I love John Carpenter. I love John Carpenter just as much as Spielberg, and that’s saying a lot as anyone who knows me knows I’m a big Spielberg nut. In either case, even Carpenter’s lesser efforts in the late nineties to early aughts are somewhat entertaining, if only because even when he never quite sticks the landing, he’s at least going for something different. With “Vampires,” Carpenter tries his best to rethink and remold the modern vampire and make them terrifying again. While the movie isn’t great, its ambition and ability to make Vampires primal monsters again is admirable and worthy of an audience.
Vampires lurk in the shadows hiding in hives like primal beasts and they’re hunted by Vatican funded mercenary hunters that stalk them and slay them. Led by enigmatic Jack Crow, they are targeted by vampire lord Valek, who slaughters the hunters in cold blood. By chance, Jack and his friend Montoya flee, and are informed that Valek is seeking a mystical black cross which will allow vampires to stalk during the day time. Teaming with a young priest, and a prostitute named Katrina that’s been bitten by Valek, Jack and Montoya have to track down Valek before he finds the cross and completes the ritual to help vampires become all powerful.
“Vampires” isn’t the best offering from Carpenter but it does benefit from Carpenter injecting a lot of his favorite tropes within a very interesting vampire tale. There’s the whole Western/cowboy angle, the South Western flavor, and the dread filled score by Carpenter. The director also creates some of the more underrated characters from his cinematic legacy. I would have loved to see a lot more from Jack Crow and Valek, both of whom make a formidable hero and villain pair. Despite James Woods’ scenery chewing performance, Crow had a ton of potential I wish we’d have seen carried in to the inferior sequels. I’m also a big fan of the vicious vampires and how Carpenter revels depicting some brutal, memorable action with Gregory Nicotero’s excellent effects.
This includes stakes through the head, vampiric combustions, Valek’s excellent slaughter of a group of hunters, and the prison raid in the climax. “Vampires” suffers from its fairly sluggish pacing, and incredibly over the top turns from Woods, Baldwin and even Sheryl Lee, respectively. Woods definitely seems to love monologuing because writer Carpenter gives Jack Crow so many monologues and speeches. I think so much less talking and a lot more motivation would have turned Crow in to a riveting hero like Nada or Laurie Strode. That said he’s still an interesting hero that I wish we’d gotten more of with a comic book or novel. “Vampires” isn’t as widely celebrated as “In the Mouth of Madness,” but it’s solid Carpenter that holds up much better than “Ghosts of Mars.”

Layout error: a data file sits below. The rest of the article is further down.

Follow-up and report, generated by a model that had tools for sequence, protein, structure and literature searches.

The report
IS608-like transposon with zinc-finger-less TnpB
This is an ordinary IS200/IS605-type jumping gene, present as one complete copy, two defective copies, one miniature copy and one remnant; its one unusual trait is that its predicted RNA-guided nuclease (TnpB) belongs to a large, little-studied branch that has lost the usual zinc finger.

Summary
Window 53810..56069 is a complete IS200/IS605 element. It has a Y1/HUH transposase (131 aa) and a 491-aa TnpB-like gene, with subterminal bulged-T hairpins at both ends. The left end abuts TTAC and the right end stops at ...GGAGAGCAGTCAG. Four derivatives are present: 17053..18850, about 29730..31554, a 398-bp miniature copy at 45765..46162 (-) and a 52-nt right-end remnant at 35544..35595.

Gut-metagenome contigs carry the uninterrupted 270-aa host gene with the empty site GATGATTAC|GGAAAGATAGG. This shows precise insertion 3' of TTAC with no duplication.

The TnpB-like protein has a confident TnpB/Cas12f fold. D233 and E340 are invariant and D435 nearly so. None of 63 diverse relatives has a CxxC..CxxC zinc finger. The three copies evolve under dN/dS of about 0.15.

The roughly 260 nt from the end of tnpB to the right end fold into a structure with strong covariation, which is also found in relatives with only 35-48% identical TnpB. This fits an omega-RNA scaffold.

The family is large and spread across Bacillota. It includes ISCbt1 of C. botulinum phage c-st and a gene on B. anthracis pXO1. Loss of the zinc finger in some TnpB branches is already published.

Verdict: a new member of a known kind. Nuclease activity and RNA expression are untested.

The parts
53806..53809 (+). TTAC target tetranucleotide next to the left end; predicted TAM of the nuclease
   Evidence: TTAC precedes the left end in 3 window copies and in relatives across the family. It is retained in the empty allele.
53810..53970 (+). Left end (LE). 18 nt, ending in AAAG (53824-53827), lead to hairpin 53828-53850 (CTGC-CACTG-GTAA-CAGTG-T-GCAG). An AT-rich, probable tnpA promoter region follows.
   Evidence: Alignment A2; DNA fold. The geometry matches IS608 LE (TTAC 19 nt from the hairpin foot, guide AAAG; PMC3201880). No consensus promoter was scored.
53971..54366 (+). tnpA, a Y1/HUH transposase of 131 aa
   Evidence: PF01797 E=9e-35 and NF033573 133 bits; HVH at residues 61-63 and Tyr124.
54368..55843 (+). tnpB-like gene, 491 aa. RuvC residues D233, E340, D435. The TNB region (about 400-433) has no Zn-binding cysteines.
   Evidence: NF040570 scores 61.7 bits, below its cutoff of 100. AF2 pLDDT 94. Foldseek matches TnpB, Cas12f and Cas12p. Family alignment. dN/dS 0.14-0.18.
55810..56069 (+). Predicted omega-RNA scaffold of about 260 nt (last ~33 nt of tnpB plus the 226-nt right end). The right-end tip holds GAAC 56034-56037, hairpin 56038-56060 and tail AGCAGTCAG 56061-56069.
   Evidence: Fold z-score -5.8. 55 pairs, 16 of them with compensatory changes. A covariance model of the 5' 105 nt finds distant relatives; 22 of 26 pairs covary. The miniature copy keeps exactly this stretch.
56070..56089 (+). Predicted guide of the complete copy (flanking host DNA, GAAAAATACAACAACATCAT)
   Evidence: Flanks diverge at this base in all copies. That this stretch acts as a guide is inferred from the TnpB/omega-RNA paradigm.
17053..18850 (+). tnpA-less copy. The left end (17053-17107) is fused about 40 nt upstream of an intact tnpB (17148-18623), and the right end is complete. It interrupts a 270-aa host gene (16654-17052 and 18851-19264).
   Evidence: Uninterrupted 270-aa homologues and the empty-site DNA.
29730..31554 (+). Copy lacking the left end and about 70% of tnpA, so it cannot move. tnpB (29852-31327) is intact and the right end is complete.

Included in the new Collector’s Edition from Shout! Factory (along with usual excellent new art work from Devon Whitehead!) is a Vintage Audio Commentary featuring John Carpenter, as well as an Isolated Score which allows viewers to hear just Carpenter’s score. The brand new Time to Kill Some Vampires is a twelve minute segment featuring interviews with John Carpenter, Sandy King Carpenter, and Gary Kibbe. Jack The Vampire Slayer is a brand new twenty two minute interview with star James Woods who enthusiastically discusses making the movie.
There’s The First Vampire, a ten minute interview with Thomas Ian Griffith who plays the villainous master vampire Valek, and Padre, a new twelve minute interview with co-star Tim Guinee who plays the young priest. Both men convey equal enthusiasm for their roles and performances, and they’re engaging interviews. The new Raising the Stakes is a great ten minute interview with special effects master Greg Nicotero, who discusses his career, and how he brought all of the gnarly traditional effects in the movie to life. Finally, there’s the original Making-Of that clocks in at twenty three minutes, as well as the original theatrical trailer, original vintage TV Spots, and a great Still Gallery.